Liberia: Senator Prince Johnson Calls for Democratic Coup d'État to Unseat UP Government

Women protest outside the Elections Commission offices.

Monrovia — Senator Prince Y. Johnson of the Movement for Democracy and Reconstruction (MDR), has called on partisans and supporters of the Coalition for Democratic Change (CDC) to stage, what he termed as a democratic coup d'état against the ruling Unity party in the pending runoff election.

Senator Johnson said: "I ask you to join ranks with us to stage a national coup d'état against the Unity Party of Joseph Boakai. I ask you not to drink alcohol on Christmas Day. Keep your heads up and in the hands of God."

The MDR political leader made the call Thursday, December 14, at the headquarters of the CDC when leaders of the opposition Liberty Party (LP) joined ranks with CDC for the runoff election.

Senator Johnson, famous for his role and erratic behavior as a rebel leader in the Liberian civil crisis, call for a political coup d'état could be a call for attention.

On Thursday, December 14, selected members of the opposition Liberty Party endorsed the candidacy of Senator George Weah.

They included Mr. Harrison Karnwea, vice standard, Benjamin Sanvee, Chairman, and Musa Bility, campaign executive officer.

Hours to the endorsement hell broke loose at the headquarters of the Liberty Party when some partisans protested the decision by the Chairman and vice standard bearer to endorse the candidacy of Senator Weah.

Aggrieved partisans closed the gates to the party headquarters when partisans of the CDC on board a float attempted entering the compound as it was planned to march with the members, who had planned the endorsement, to the headquarters of the CDC, which is couple of feet down the road.

Stones and bottles were thrown at each other until the intervention of officers of the Liberian National Police.

Aggrieved partisans, who didn't support the endorsement, said the planned endorsement wasn't sanctioned by the party's political leader, who is said to be out of the country.

In an interview, Mr. Darius Dillon, LP vice chairman for Political Affairs said the party has not reached a decision on endorsement and he and other aggrieved partisans were awaiting the arrival of the party's political leader.

"Liberty Party is not a military institution; people have their individual rights to move freely if any executive member of the party, who decides individually to pledge support somewhere it is their right.

"What I can tell you is that Liberty Party, as an institution, has made no clear determination as to whom to endorse in the run-off. We are deriving at a decision that will be announced upon his arrival, and one thing I can say we will not be neutral," Dillon stressed.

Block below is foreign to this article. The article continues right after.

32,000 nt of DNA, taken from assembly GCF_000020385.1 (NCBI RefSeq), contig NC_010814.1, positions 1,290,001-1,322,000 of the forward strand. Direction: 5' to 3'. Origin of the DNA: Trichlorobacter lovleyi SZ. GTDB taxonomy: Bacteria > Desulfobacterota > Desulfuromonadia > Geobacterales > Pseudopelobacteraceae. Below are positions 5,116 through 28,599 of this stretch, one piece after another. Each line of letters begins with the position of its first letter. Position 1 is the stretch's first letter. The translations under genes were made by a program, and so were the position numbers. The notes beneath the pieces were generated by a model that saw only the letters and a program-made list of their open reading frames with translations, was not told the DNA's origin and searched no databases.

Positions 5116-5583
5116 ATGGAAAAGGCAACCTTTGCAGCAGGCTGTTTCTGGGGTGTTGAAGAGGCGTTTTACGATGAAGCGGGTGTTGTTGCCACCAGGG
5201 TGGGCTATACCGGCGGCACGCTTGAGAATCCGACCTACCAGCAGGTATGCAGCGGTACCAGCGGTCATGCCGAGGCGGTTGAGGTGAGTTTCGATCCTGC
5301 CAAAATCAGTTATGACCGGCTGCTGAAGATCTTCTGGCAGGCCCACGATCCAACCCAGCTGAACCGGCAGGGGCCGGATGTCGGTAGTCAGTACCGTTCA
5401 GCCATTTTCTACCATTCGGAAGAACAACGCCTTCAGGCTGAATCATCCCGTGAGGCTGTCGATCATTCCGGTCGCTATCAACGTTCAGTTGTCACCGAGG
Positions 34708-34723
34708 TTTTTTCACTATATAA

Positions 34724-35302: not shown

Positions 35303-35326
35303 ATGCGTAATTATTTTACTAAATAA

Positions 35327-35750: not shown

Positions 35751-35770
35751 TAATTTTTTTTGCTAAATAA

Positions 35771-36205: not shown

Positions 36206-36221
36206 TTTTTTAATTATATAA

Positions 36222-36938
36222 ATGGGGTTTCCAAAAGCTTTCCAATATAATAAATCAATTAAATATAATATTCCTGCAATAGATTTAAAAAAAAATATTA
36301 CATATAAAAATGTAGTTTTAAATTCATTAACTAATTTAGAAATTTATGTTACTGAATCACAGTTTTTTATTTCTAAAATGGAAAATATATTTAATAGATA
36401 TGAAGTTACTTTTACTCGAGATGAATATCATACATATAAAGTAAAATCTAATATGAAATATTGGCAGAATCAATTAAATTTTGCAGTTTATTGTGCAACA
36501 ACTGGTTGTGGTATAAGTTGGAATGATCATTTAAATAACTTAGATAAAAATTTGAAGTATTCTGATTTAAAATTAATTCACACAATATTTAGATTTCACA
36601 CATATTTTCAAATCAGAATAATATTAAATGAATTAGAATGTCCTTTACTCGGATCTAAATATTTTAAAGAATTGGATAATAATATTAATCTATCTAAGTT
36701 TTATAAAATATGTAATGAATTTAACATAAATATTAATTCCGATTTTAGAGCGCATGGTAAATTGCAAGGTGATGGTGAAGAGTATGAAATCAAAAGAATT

In response to question as to whether the LP still holds commitment to the Ganta Declaration, he responded: "The people abandon the Ganta Declaration long time ago.

While are the people not hailing us for upholding the Farmington Declaration? When we went to court as part of the Farmington Declaration, they criticized us."

Endorsing Senator George Weah at the CDC headquarters, Liberty Party chairman confirmed that his party is divided over the decision to endorse Weah but said, he and others who took the decision were doing it in keeping with the Ganta Declaration among opposition political parties, which agreed to support an opposition party if any entered into the runoff with the ruling party.

Sanvee said: "Senator Weah, we endorse your candidacy for President of Liberia because we believe in the physical votes and because the people have spoken and because they have spoken we should listen."

"We want you to be graceful, humble and accept victory with magnanimity and to know that you are not better than others who ran but you happen to be their choice."

The LP leaders also cautioned the CDC political leader of fulfilling the hopes and ambitions of the people who he claimed are in desperation.

"Do not let your people down your story is the Liberian story, they call you their hero of the slum dwellers."

"The only difference between you and those out there is that God bless you through your legs.

"There has been road blocks and speed bumpers along the way."

"This is a sacred responsibility that is about to fall on your shoulders. As you look in the eyes of the people standing before you, I see desperation and hope and you need the potential to unlock it. Your story is the Liberian story."

In response to the endorsement Weah said, his quest as President of Liberia is to build an inclusive government in the next 12 years under his regime.

The CDC political leader promised to impress Liberians in his work as President in his first term, which would lead them to give him a second term.

He also promised not to disappoint his supporters as claimed by the LP chairman but said; "people will be disappointed if they failed to work along with his government to improve lives.

He also threw jibes at the political leader of the Alternative National Congress (ANC) for not taking control of his partisans to direct them in the second round of the elections.

"To all leaders, who said to their partisans, I will be neutral is unfortunate. As a leader, it is not right to tell your partisans to go where they want to; you could lose your supporters in future elections.

"To all my friends it is good to direct people in leadership make a decision for all and not for individuals."

"I am happy that leaders of the Liberty Party are here to work with us. We are at 99 percent but the one percent is very crucial, we need to send signal around the world to let Governments know that we are resolved.

"The car that has been parked in the garage cannot be overlooked because that car could kick and if you allow it kicks, it could run pass you; so we need to be prepared for the one percent."

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